Corporation tax – a levy on profits made in the UK – has, by contrast, been going down since Labour left power in 2010, dropping from 28 percent to the current 19 percent. Even so, in the last tax year it contributed $71 billion – nine percent of the government's tax income. Boris Johnson announced today that a proposed further cut to 17 percent next April will be shelved if the Conservatives are re-elected, while Labour has proposed raising it back to the 2011 level of 26 percent. 

Postal Votes 

Postal votes means people who vote by filling in their ballot paper, popping it into an envelope and posting it in rather than turning up in person on election day.

In the UK in recent years, there has been a sharp increase in the number of people casting their votes by post. And it has become a source of controversy as the figure has approached one in five of all votes in recent polls.

Until 2001, anyone wanting to vote by post, rather than in person, had to supply a reason, or get a doctor or their employer to back their case. But now, no reason is required.

The argument for postal voting is that it helps give more people the chance to vote as it is not restricted just to those people who can physically get to a polling station on election day. It is, for instance, very useful for people who are abroad.

However, there have been numerous allegations of fraud and questions over how to ensure that people who vote by post have made their choice without coercion. 

Marginal Constituencies

Marginal constituencies can decide elections (Credit: AP Photo/Kirsty Wigglesworth)

Marginal constituencies can decide elections (Credit: AP Photo/Kirsty Wigglesworth)

Also known as "swing seats," marginal constituencies are the ones that attract the most campaigning before an election and the most excitement among analysts as the results come in. The campaigning happens because each party will have "target seats" it believes it can win from rivals; the excitement comes because the voting patterns discernible in these crucial areas can be indicative of how the wider election will turn out. 

There is no official definition of a marginal seat, but it is usually one in which the previous margin of victory was less than 10 percent. The very close 2017 general election produced 97 marginals that could change hands on a swing of five percent or less, 51 "ultra-marginals" with a majority of two percent or less and 31 "hyper-marginals," resting on a difference on one percent or less. Eight had a majority of less than 50, with the tightest result coming in North East Fife, where the incumbent Scottish National Party held off the Liberal Democrats by just two votes in a 41,822 turnout.


Some say politics is all about money, and you certainly need some to run as a candidate in a UK election. Specifically, £500 ($645), which must be paid by each candidate before his or her nomination papers can be accepted. 

It is known as a deposit, because it is returned after the election to any candidate winning 5 percent or more of the votes (until 1985, the threshold was 12.5 percent). It is therefore hugely embarrassing for a major party candidate to lose their deposit.

The idea is to prevent spurious candidacies clogging up the democratic process and, although critics say the cost prevents open democracy – the Electoral Commission has suggested scrapping deposits for general elections. It could be worse: the cost in 1918 was $193, equal to more than $9,000 now.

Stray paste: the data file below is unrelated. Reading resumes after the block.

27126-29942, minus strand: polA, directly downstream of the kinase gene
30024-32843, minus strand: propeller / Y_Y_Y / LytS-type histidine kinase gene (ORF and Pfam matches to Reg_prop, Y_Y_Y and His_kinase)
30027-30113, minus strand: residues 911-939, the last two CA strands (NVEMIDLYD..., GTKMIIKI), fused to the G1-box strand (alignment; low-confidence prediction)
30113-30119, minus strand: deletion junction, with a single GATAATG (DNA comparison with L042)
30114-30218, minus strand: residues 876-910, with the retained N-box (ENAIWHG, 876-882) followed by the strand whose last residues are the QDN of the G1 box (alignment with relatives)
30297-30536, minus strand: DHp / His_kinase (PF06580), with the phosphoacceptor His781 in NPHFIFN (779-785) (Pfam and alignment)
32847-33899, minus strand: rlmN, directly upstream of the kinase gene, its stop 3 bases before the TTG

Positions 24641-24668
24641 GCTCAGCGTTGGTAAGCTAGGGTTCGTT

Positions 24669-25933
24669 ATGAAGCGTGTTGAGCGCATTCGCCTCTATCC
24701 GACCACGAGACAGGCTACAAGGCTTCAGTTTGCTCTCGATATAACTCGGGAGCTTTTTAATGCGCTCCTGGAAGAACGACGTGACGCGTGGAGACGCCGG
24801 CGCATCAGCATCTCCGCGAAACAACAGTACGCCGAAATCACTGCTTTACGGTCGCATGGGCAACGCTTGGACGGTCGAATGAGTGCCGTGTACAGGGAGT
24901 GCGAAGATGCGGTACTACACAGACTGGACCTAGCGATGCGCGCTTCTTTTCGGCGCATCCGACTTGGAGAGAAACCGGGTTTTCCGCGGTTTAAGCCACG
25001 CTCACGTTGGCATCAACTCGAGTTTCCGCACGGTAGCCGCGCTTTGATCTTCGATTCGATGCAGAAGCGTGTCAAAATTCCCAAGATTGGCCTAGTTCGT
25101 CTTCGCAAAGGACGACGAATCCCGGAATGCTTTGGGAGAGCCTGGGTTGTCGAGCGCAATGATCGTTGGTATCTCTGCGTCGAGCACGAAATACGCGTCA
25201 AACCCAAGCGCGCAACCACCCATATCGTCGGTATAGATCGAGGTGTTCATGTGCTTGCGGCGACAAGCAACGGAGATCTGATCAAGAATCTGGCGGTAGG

Corbyn on the hustings: Literally the platform a politician stands on (Credit: AP Photo/Frank Augstein)

Corbyn on the hustings: Literally the platform a politician stands on (Credit: AP Photo/Frank Augstein)

The concept of hustings has had a peculiar journey. It has gone from meaning a king's private assembly, via a medieval appeal court, to a debate-fueled public election – and can now simply mean a set-piece speech on a campaign trail.

The word (which rhymes with dustings) comes from the Old Norse, literally translated as the "house thing," using the Old Norse "thing" meaning "governing assembly": Iceland's parliament is the Althing, Norway's is the Storting, Denmark's the Folketing. 

In Britain, by the 1700s it referred to a public platform or raised area from which political candidates would make speeches (and sometimes answer questions) before an election via a show of hands. This was ended by the 1872 introduction of the secret ballot, but "hustings" still refers to politicians' public pronouncements, whether directly in competition with rivals or – more commonly these days – in carefully stage-managed solo outings.

Confidence and supply

DUP leader Arlene Foster (right) and deputy Nigel Dodds after a chat at 10 Downing Street (Credit: AP Photo/Matt Dunham)

DUP leader Arlene Foster (right) and deputy Nigel Dodds after a chat at 10 Downing Street (Credit: AP Photo/Matt Dunham)

Not every election delivers a winner; when it doesn't, it produces a hung parliament, in which no party has an absolute majority and therefore power. In these cases, the party with the most seats negotiates with other parties to either form a coalition, in which the junior parties will command ministerial roles and a large say in policy-making, or a looser alliance known as a confidence-and-supply arrangement.

The "confidence" is an agreement that the minor party (or even independent MPs, if there are enough of them) will side with the minority government if the opposition attempts to trigger another election via a vote of no confidence. The "supply" refers to budget votes, on matters authorizing government expenditure; if governments (whether majority or minority) are defeated in these, it usually ends in a new election. In all other matters, its members are free not to support the government. In return, the minority party usually seeks policy implementation. 

There have been two examples of a minority governments propped up by confidence-and-supply arrangements. In 1977 and 1978, the then Liberal party backed Jim Callaghan's minority Labour government. After her 2017 snap election left the Conservatives without a majority, Theresa May reached agreement with the Democratic Unionist Party.